“The plans we have developed in partnership with Derbyshire County Council will lead to the creation of a stunning country estate with improved public access, an enhanced visitor experience, restored natural and built heritage, opportunities for business and job creation and better access to the countryside for health and recreation”

If Cabinet members give the programme the go-ahead, a timetable for the project will be drawn-up and published in the coming months.

detailed and fully costed programme on the table. By investing now over the next five years we can help reduce the financial burden on Derbyshire council taxpayers in the future.”

He added: “By regenerating the estate, there is the potential to create more than 170 new jobs and increase the number of visitors which will also benefit the local economy.”

If the programme is given the green light, developments as part of a Masterplan could include:

– Creating a new access drive and moving the car park closer to the castle and courtyard, providing more parking spaces and encouraging visitors to spend on refreshments and other products.
– Upgrading catering facilities including a new main café which would be a key feature of the courtyard and providing smaller catering facilities around the site.
– A new adventure playground close to the main café.
– Repair and renovation of historic buildings to bring them back into use – such as holiday cottages and lodges, retail and office space or workshops – to generate income. This includes converting the upper floor of the castle into suites available to let out for weddings and corporate events.
– Offering camping and glamping on the estate’s former campsite with facilities for touring caravans, motor homes and tents.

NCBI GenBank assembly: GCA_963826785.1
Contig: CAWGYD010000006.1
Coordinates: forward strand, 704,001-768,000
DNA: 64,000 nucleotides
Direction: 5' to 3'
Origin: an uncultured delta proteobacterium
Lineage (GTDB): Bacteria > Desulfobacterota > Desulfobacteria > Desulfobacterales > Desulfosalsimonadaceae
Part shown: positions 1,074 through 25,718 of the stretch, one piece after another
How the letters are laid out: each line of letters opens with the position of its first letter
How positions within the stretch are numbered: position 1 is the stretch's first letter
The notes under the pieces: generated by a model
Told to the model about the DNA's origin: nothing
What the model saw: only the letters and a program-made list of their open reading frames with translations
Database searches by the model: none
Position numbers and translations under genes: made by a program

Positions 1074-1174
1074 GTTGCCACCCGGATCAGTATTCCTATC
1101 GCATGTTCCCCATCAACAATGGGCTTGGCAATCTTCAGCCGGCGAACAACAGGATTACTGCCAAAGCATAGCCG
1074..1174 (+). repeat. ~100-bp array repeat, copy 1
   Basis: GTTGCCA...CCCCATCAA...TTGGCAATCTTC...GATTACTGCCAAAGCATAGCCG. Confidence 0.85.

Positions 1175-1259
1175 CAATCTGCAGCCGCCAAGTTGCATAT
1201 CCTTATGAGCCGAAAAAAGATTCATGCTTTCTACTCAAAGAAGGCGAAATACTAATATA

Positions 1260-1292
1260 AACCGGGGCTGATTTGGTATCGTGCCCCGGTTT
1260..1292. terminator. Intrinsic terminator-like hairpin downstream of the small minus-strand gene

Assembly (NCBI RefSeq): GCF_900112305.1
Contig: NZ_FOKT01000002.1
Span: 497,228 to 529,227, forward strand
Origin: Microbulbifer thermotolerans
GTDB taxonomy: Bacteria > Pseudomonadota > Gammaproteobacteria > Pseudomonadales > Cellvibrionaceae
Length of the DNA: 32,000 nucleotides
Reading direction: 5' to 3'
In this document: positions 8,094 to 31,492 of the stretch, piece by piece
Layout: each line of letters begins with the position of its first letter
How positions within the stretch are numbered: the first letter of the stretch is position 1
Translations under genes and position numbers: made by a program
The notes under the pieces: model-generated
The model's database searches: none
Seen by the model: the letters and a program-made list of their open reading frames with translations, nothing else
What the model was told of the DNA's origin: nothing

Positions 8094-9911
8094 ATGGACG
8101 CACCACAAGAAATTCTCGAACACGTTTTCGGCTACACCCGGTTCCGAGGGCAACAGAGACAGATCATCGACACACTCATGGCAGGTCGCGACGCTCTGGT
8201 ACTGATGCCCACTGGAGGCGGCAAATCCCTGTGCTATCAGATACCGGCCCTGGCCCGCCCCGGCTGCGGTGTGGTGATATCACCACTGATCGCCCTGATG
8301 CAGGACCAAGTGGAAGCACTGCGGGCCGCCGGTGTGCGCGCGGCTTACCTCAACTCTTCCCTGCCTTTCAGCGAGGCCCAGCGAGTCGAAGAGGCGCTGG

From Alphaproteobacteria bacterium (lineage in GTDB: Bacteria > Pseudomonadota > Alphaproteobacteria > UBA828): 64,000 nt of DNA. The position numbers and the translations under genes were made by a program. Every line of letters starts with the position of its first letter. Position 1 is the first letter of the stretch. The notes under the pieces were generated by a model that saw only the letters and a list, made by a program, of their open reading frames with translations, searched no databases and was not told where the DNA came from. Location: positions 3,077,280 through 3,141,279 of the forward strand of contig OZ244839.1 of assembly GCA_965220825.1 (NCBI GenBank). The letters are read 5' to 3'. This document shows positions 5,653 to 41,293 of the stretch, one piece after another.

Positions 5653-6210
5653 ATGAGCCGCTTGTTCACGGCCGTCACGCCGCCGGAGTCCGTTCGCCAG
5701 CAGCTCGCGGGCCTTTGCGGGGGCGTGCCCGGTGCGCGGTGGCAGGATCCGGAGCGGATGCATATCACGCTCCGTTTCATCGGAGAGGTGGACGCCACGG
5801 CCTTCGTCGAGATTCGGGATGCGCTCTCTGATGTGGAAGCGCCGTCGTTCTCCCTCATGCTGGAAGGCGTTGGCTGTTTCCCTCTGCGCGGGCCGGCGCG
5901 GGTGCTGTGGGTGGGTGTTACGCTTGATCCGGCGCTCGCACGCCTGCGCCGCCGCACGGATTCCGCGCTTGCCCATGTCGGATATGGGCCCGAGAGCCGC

– Improved facilities for weddings.
– Improved events programme to cater for a wide range of audiences.

Some of these proposals including the new access drive, the new café and development of historic buildings would be subject to planning permission.

Up to £21m for the project is expected to be contributed by the council, £15m of which would be contributed through council borrowing to be repaid over 25 years. Funding bids will be submitted to secure external grants and private sector investment will also be sought.

The long-term plan is to hand the day-to-day running of the estate to the Elvaston Castle and Gardens Trust as a single management body.

Dr Peter Robinson, chair of the Elvaston Castle and Gardens Trust, said: “Elvaston has, for many years, been in desperate need of a viable long-term solution capable of delivering financial sustainability to enable the restoration of the house, gardens and wider parkland for the benefit of local communities and visitors to the area.

“The plans we have developed in partnership with Derbyshire County Council will lead to the creation of a stunning country estate with improved public access, an enhanced visitor experience, restored natural and built heritage, opportunities for business and job creation and better access to the countryside for health and recreation”

If Cabinet members give the programme the go-ahead, a timetable for the project will be drawn-up and published in the coming months.